Internet Cremation Society - About Us
About The Internet Cremation Society
The Internet Cremation Society was started in 1994 by a funeral director and cremation society owner in New Hampshire. The purpose of the site was to provide people with an on-line resource for learning more about cremation and helping them locate low cost providers in their area. At that time, we were the third death-care site on the Internet.
Over the last few years, the Internet Cremation Society has grown to become the largest collection of on-line cremation resources available. Our site has evolved to become the top visited death-care site on the Internet. True to our original focus, we still provide listing and links to cremation societies and cremation service provider throughout the US and Canada. However, we continue to add valuable content to our web site. We provide links to web sites of nearly every urn company on-line as well as scattering services, obituary services, casket stores and other resources. But the main thrust of our site is still to help consumers research and select a low-cost cremation provider.
About Cremation Societies
The cremation society movement started on the West Coast several decades ago as an alternative for consumers interested in simple cremation. Nearly all "bona fide" cremation societies are membership organizations that charged those wanting to belong to the society a small, non-refundable fee. The typical membership fee is around $25 to $45 per individual and $50 to $80 per couple. The benefits associated with belonging to a society are the rights to have a simple cremation service at costs significantly below those charges by most traditional, full-service funeral homes or mortuaries.
Nationwide, most cremation societies charge its members between $900 to $1,800 for a simple cremation. This fee generally includes: removal of the deceased from the place of death, administrative and staff services, costs for completing and filing necessary paperwork, the cremation container, cremation fee and local delivery of cremated remains. As a comparison, many funeral home in this country charges well over $2,500 and usually closer to $4,000 for the same services.
One of the appeals of cremation societies, in addition to their lower prices, is their convenience. Complete cremation arrangements can be made by mail, over the telephone, or at your own residence without ever having to visit the societies facilities directly. What this does is eliminate any geographic barriers to selecting a society. You may use a society in the same city or halfway across the state, usually for the same low price. Some societies charge a nominal fee for additional mileage if the deceased has to be transported from the place of death beyond a certain limit. But, even with these additional charges, there are almost always costs advantages in dealing with a society rather than a funeral home.
In addition to basic cremation arrangements, cremation societies can arrange for memorial services, placement of obituary notices, and final disposition of the cremated remains. Societies also sell a variety of cremation urns and alternative cremation containers. Many societies have facilities where the deceased can be viewed or identified by family members before the cremation takes place. Some even have in-house chapel facilities for conducting memorial services. An important part of the cremation ceremony with some religious and ethnic groups is being in attendance when the cremation takes places. Since a large number of cremation societies own and operate their own cremation equipment, these requests can most often be handled with ease.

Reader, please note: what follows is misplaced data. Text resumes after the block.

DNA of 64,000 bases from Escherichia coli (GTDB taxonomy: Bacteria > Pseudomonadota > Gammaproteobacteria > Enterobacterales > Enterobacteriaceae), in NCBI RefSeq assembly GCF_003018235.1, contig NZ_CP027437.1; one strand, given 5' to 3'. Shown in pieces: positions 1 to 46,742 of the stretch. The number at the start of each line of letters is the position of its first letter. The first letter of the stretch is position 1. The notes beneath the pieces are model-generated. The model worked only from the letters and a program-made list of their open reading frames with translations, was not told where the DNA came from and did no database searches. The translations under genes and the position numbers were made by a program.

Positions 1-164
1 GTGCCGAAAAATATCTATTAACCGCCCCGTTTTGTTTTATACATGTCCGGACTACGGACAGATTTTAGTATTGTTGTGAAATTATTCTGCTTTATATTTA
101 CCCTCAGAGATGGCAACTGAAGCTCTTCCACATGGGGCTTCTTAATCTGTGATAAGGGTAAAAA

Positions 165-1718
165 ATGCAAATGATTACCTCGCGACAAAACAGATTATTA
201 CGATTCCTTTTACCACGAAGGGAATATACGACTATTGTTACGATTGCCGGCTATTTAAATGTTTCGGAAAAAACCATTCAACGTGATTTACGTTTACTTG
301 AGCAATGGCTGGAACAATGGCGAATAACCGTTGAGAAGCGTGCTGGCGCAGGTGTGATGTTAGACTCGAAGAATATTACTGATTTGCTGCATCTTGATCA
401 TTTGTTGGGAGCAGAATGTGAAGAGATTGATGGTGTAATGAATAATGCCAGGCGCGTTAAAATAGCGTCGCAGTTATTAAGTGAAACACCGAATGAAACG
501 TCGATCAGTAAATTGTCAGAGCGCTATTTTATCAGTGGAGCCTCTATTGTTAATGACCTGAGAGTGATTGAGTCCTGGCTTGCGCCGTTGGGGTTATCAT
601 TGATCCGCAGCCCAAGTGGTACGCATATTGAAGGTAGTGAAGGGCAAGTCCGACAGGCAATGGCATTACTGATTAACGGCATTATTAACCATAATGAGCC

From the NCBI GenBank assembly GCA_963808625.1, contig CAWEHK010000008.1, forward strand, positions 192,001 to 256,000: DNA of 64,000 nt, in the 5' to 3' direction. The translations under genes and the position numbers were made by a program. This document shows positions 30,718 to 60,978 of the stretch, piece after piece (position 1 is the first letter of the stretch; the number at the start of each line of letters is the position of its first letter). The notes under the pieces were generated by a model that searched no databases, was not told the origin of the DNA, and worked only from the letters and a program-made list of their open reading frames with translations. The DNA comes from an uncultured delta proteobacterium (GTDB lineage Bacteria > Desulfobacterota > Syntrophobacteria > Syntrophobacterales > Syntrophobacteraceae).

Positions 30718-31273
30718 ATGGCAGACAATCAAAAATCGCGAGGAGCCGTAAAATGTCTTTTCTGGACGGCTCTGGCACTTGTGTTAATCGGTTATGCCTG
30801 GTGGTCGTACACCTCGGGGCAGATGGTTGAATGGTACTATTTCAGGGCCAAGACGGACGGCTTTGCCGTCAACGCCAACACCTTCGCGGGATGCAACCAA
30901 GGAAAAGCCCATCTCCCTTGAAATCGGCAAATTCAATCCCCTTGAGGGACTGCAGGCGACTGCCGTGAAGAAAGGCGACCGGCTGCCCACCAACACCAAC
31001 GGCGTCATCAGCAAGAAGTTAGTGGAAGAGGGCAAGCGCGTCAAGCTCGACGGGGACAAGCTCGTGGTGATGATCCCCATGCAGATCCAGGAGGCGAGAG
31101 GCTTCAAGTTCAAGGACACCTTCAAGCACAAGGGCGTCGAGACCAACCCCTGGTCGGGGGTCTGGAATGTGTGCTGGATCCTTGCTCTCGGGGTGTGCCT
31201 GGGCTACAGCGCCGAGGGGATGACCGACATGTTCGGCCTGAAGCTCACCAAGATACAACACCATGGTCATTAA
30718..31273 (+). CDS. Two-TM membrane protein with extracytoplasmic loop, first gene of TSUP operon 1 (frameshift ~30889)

Some people are hesitant about joining a society because they feel the services provided will be less superior than a funeral home and that the staff operating the society is somehow less qualified. Nothing can be further from the truth. Cremation societies in nearly every state are required to be fully licensed by the state in which they operate. So, societies must adhere to many of the same federal, state and local laws and guidelines as do full service funeral homes. Also, most societies are operated by professionally trained funeral directors. Finally, cremation societies specialize in cremations. They do not perform traditional funeral services and thus do not incur the overhead costs associated with having to maintain a full service funeral home. Clearly, if you are interested in a simple cremation, membership in a cremation society makes sense.
Joining a cremation society is quite easy. After filling out a basic information form and paying the membership fee (if applicable), you are enrolled in the society and given a membership card. A rapidly growing trend these days is pre-need funeral planning. This involves actually pre-paying for your cremation services ahead of time to lock in the current low price. Pre-planning not only guarantees you'll get the exact services you specify, it also provides peace-of-mind in knowing that everything is taken care of. That's not to say if you or a family member are not a registered member of a cremation society, you cannot use their services. Most societies usually have two fees for direct cremation. One fee for registered member and one for non-members. While the non-member fee can be anywhere from $150 to $300 higher, this charge is still lower than a comparable funeral home. This fee structure does encourage planning and funding your cremation arrangements ahead of time.
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